Friday, November 29, 2013

In the Beginning...

From: La Veja

“The name 'Codex Sinaiticus' literally means 'the Sinai Book'. It reflects two important aspects of the manuscript: its form and a very special place in its history.
     'Codex' means 'book'. By the time Codex Sinaiticus was written, works of literature were increasingly written on sheets that were folded and bound together in a format that we still use to this day. This book format was steadily replacing the roll format which was more widespread just a century before when texts were written on one side of a series of sheets glued together to make a roll. These rolls were made of animal skin (like most of the Dead Sea Scrolls) or the papyrus plant (commonly used for Greek and Latin literature).
     Using the papyrus codex was a distinctive feature of early Christian culture. The pages of Codex Sinaiticus however are of prepared animal skin called parchment. This marks it out as standing at an important transition in book history. Before it we see many examples of Greek and Latin texts on papyrus roll or papyrus codex, but almost no traces of parchment codices. After it, the parchment codex becomes normative.”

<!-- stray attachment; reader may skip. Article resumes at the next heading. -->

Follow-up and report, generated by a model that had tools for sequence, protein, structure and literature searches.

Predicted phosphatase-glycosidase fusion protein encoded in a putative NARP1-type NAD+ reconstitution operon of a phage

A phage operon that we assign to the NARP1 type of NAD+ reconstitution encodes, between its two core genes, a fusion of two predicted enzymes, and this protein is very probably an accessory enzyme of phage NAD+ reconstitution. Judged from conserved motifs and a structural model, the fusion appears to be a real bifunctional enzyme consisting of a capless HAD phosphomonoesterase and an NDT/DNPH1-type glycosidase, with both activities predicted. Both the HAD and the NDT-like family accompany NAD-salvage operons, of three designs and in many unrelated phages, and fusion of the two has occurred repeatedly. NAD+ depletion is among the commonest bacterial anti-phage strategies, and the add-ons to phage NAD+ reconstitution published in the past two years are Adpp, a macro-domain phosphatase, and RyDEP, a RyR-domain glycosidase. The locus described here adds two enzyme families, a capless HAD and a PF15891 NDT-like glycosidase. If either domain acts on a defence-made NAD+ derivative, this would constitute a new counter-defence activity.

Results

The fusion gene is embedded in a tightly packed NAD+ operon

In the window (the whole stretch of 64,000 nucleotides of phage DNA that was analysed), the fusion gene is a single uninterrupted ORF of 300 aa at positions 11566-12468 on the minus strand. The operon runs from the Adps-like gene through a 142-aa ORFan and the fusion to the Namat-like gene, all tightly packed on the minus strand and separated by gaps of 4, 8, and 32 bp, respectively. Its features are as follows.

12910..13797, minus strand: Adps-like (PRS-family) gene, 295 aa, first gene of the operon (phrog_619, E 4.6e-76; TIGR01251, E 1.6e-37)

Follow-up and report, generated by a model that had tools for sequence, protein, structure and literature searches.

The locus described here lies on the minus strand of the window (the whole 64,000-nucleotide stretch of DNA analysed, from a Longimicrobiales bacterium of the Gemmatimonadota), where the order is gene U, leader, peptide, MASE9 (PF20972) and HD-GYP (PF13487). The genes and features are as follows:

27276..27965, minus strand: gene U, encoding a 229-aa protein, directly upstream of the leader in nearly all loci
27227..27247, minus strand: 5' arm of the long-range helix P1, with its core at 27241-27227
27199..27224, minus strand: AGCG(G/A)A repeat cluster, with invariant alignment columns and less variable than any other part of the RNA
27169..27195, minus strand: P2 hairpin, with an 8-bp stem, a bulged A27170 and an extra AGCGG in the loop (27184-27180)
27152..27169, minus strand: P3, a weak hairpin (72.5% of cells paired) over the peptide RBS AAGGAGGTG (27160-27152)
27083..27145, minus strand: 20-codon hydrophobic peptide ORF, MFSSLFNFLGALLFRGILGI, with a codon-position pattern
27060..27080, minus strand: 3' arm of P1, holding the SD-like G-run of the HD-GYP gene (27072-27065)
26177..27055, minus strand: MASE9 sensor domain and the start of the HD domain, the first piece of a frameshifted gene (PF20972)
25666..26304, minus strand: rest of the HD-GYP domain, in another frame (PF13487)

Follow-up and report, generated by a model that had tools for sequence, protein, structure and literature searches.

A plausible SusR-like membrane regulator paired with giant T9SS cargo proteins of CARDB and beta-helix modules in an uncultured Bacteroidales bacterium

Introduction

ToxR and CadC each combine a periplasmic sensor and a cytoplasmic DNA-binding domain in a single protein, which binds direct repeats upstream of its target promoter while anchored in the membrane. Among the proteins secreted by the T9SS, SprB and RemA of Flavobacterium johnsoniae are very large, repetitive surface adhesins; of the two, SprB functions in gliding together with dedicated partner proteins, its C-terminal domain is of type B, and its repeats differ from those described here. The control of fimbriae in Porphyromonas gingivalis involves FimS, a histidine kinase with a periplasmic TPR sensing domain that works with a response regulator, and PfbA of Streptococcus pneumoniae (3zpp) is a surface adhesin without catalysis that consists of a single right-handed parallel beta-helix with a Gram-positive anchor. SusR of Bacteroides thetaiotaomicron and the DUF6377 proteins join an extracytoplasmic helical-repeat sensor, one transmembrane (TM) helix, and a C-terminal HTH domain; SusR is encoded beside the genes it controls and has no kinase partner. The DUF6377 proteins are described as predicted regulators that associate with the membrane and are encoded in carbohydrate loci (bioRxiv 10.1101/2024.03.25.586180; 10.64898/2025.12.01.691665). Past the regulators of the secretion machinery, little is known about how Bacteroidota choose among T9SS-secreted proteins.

Codex Sinaiticus

“Despite its rather austere appearance, the Codex Sinaiticus is a treasure beyond price. Produced in the middle of the fourth century, its bound parchment pages hold the full canon of the Christian Bible and more […]
     Told here is the compelling story of how the Codex Sinaiticus was created and used in the ancient church; how it was preserved for centuries at the monastery of St. Catherine’s, Mount Sinai; its subsequent history and how its pages came to be divided and dispersed; and how it has been compiled again and made accessible to a worldwide audience for the first time.
     Publication in June 2009 coincides with the launch of the Codex Sinaiticus Project website, which includes a digitized 'virtual edition' of one of the most famous and remarkable manuscripts in the history of the church, the Bible, and book production in general.”
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